I want to be able to travel the world and see everything I can while I’m able to do so, both physically and mentally. This is my primary reason for traveling as much as I do. And by building my career so quickly, I’ve been able to afford trips to many different places with ease. It also helps that my current position allows me to travel internationally.
4. What advice do you have for those of us who may want to travel more, whether for a new job opportunity or for leisure, and get outside of our comfort zone?
In my engineering career coaching practice, I teach my clients that they can have it “all.” For me, travel is one of my hobbies. A lot of people tell me that they’d love to travel but they can’t afford it, can’t find the time to travel or they’ll wait until they retire to see the world.
I’m not a fan of these ways of thinking because being resourceful is a trait of a great leader. If you don’t have the money, is there something you can do to get the money? Retirement is not promised to anyone and there’ll never be a “right time“ to travel. Book that trip and plan everything else around it. Everything will fall into place.
5. Your company, Thriving Ambition, Inc., provides consulting services to engineers who want to move ahead in their careers, and firms who want to attract top engineering talent. What is the current landscape for engineering jobs right now?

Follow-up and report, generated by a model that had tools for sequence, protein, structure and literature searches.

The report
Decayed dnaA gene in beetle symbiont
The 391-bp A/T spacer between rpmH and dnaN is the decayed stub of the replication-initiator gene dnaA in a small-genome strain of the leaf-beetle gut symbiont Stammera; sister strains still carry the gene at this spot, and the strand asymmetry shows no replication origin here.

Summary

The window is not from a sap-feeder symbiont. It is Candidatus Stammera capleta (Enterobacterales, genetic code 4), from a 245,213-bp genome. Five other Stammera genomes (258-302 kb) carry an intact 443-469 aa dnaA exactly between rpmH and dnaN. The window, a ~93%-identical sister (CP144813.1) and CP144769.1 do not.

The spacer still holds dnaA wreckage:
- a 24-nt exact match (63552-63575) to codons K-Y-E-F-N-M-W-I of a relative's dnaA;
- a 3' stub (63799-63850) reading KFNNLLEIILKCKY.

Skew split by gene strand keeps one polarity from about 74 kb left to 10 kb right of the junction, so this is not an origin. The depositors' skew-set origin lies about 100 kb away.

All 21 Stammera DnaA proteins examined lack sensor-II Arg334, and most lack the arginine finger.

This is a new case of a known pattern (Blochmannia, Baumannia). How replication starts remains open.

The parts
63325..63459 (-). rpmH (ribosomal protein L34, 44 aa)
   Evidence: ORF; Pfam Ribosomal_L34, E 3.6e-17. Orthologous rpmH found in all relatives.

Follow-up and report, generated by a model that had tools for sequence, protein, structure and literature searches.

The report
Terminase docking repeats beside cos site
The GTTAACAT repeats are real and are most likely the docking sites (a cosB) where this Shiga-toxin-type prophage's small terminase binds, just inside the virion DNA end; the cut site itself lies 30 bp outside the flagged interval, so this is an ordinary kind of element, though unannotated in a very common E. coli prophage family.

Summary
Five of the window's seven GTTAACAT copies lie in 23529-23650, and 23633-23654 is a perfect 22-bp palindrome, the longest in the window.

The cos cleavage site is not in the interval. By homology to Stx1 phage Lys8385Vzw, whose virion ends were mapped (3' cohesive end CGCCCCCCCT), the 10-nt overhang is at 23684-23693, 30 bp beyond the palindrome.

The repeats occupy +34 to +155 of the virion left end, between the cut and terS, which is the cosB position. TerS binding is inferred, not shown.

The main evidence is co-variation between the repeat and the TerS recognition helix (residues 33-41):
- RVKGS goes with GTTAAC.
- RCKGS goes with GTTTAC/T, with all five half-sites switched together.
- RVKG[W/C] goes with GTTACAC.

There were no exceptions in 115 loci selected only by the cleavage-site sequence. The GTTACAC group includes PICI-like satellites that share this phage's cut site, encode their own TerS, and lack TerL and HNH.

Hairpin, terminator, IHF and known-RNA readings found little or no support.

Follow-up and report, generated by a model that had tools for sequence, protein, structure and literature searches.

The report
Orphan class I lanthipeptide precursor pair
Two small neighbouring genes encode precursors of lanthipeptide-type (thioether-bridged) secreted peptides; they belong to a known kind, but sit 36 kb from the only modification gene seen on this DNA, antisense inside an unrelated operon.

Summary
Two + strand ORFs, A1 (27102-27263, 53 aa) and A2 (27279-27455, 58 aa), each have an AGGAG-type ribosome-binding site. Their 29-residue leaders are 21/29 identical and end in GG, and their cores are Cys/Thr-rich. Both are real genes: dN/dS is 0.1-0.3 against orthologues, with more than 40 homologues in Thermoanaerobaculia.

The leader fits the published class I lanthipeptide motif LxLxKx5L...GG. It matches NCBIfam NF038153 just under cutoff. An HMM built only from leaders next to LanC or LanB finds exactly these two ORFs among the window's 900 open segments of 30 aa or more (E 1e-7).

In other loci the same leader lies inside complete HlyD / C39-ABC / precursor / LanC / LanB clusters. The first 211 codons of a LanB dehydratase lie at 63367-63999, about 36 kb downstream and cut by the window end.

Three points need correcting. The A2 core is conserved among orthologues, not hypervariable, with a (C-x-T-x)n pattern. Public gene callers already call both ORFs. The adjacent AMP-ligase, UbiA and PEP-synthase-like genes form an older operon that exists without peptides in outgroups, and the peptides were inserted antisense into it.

This is a great time to be an engineer. Many companies are looking for engineers. However, engineers are not always positioned to get the offer. At Thriving Ambition, Inc. I help engineers figure out what the next steps should be in their career and how to overcome fear and nervousness while interviewing so they can make a personal connection with the interviewers.
6. What are the biggest challenges you face while working in the corporate sector? How do you overcome them?
Working in the corporate space is difficult. There are so many talented people competing for the same positions which makes it hard to stand out. When there are 100s of people applying for one management position at your company, how do you position yourself to be the ultimate candidate? The key here is to build relationships. This is the core of what I help engineers do with my career coaching services.
7. Are there any women of color who personally paved the way for you to get where you are? If so, who are they and how did you meet them?
Yes, there are some amazing women of color I’ve had the pleasure of meeting who have paved the way for me in corporate. In 2012, I met a woman of color executive who became one of my mentors. I enjoyed talking to her because I could be very candid with her and she was candid in return. During that time she was my mentor for almost 3 years before I moved to California.
8. You are a long time volunteer with the National Society of Black Engineers. Talk to us about the importance of mentorship.
I enjoyed volunteering with the National Society of Black Engineers. I believe it’s important to be mentored as well as mentor. Over the years, I’ve mentored a few engineers on a short- and long-term basis. It’s fun because I learn as much from them as they learn from me.
9. Where can the audience reach you to learn more?
I have some resources on my site to help people learn how to build relationships and improve their careers. You can find them on my website at: http://www.thrivingambition.com/
Outside of my website, I LIVE on LinkedIn. I love connecting with engineers. You can find me here: https://www.linkedin.com/in/lakieshatomlin